Claims Adjusters Should State and Provide the Reasons and Evidence for Partial or Entire Claim Denial


Following up on Matt Stalcup’s post, “Is an Insurance Policy Non-Shareable Work Product?” I kept thinking about the crucial role all insurance adjusters play in the claims process.

Company and independent adjusters are the bridge between policyholders and treasuries of insurance companies. The policyholder surplus monies are there for the policyholders so that claims can be promptly and fully paid. The adjusters play a crucial role in determining the speed and amount taken out of the policyholder surplus and sent to the policyholders. Their responsibilities include investigating claims, evaluating the loss, and determining the amount of compensation that policyholders are entitled to receive under the policy terms. However, the transparency by insurance adjusters communicating facts and evidence, especially in cases of claim denial or payment for amounts less than claimed, is paramount. This transparency is not only a matter of ethical practice but also a regulatory legal requirement.

Transparency in Claim Denials and Underpayments

Insurance adjusters should be transparent with policyholders about the reasons for claim denials or underpayments. This involves providing a clear and detailed explanation of the decision, including referencing specific policy provisions that justify the denial or underpayment. Adjusters should also inform policyholders about the evidence or lack thereof that led to their decision. This level of transparency helps policyholders understand the outcome of their claim and assess their options, whether it be to accept the decision, provide additional information, or contest the decision through appraisal or possibly litigation.

What Does ‘The Work of Adjusting Insurance Claims Engages the Public Trust’ Mean?” discussed the importance of transparency in terms of an insurer being fair with its customer:

Honest Treatment: The concept refers to the practice of being truthful, transparent, and sincere in an adjuster’s interactions with the claimant. This concept is not limited to merely stating facts but encompasses a broader commitment to authenticity, fairness, and respect in dealings with the claimant and others during the adjustment process. Honest treatment by an adjuster means that the adjuster must conduct their work with integrity, providing truthful and transparent services to the claimant.

Truthfulness is essential to honesty. It means communicating information accurately and without deception. This includes avoiding lies of omission or any attempts to mislead or manipulate others. It means that adjusters must engage with others in a way that is reflective of their true thoughts and intentions.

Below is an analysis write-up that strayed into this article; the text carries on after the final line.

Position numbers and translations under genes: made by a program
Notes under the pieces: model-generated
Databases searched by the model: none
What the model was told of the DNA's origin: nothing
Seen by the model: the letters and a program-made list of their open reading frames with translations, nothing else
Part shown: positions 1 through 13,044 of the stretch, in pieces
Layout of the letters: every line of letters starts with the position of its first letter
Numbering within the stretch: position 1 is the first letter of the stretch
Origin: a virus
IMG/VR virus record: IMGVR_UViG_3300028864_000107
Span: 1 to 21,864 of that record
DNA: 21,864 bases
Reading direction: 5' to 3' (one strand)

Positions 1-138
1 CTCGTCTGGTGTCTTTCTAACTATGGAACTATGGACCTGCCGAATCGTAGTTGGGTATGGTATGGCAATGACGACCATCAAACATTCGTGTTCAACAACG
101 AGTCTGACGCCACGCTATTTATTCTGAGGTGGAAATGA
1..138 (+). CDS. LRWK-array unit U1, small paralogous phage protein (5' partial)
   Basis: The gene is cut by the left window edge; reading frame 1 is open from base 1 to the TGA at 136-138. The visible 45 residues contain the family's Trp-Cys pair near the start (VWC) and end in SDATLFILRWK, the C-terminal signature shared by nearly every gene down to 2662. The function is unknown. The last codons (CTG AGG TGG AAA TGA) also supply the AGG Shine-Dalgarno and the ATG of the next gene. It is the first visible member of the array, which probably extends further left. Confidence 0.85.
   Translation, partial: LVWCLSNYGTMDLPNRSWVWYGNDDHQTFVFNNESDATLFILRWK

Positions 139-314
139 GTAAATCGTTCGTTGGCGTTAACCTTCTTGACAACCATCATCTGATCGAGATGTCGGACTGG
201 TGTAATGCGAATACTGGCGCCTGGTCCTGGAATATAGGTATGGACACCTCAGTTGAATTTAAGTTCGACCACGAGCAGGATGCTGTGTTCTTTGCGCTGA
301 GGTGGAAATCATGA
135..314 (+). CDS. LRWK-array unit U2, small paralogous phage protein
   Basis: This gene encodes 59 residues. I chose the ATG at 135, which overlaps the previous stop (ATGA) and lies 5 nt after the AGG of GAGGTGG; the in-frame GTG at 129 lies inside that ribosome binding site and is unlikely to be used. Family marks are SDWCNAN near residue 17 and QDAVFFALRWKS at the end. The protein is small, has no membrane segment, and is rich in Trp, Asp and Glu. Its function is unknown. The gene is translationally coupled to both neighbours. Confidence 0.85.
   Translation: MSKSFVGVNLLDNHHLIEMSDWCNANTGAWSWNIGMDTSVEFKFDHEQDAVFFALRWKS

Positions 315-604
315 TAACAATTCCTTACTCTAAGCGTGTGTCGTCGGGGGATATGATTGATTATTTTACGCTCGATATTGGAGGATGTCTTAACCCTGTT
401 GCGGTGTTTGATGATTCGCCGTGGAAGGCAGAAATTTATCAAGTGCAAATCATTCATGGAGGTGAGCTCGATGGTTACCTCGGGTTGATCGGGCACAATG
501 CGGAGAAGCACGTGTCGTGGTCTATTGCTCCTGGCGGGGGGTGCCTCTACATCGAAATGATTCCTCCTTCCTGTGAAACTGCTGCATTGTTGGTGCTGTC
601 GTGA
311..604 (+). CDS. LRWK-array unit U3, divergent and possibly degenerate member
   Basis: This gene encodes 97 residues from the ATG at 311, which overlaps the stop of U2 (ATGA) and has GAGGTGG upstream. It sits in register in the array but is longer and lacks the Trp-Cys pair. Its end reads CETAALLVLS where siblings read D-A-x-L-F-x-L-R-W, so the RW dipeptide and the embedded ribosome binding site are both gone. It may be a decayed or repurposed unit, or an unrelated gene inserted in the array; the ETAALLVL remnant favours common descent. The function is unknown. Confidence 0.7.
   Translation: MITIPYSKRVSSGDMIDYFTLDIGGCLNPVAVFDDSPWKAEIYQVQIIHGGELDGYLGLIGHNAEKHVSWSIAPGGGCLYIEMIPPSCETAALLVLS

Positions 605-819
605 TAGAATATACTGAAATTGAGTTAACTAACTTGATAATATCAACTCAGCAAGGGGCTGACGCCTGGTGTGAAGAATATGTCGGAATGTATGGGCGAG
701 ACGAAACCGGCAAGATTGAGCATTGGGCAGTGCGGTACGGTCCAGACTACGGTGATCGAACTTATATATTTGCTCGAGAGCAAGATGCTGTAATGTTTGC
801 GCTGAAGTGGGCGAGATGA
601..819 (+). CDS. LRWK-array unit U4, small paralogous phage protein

Honesty requires transparency. It means that adjusters should openly share relevant information and be clear about their actions, decisions, and motivations. Transparency helps build trust and facilitates informed decision-making by all parties involved with an insurance claim.

Transparency from insurance adjusters concerning the specifics of claim denials or underpayments is paramount for numerous reasons, impacting both the relationship between policyholders and insurers and the overall claims process. First, transparency is instrumental in building trust. When policyholders are privy to the rationale behind the decisions on their claims, including the evidence and criteria used, it enhances their trust in both the process and the insurance company. This openness is beneficial for policyholder satisfaction and fundamental in fostering a positive and transparent relationship between insurers and their clients.

Moreover, transparency is key to ensuring accountability within the insurance industry. It encourages a more diligent and fair assessment of claims by obligating adjusters to provide a clear and comprehensive explanation for their decisions, including the evidence supporting claim denials or underpayments. This accountability ensures that decisions are made based on accurate information and a thorough investigation, which can significantly reduce disputes.

Having access to detailed information about their claim allows policyholders to make well-informed decisions about how to proceed, whether it be accepting the decision, seeking further clarification, or disputing the claim. This level of insight is crucial for policyholders to understand their position and evaluate their options effectively. For most policyholders trying to get paid what they think they are owed, the details about why the claim is not fully paid are crucial. How are they going to think that they have not been wrongfully treated without providing the details and backup for the reasons?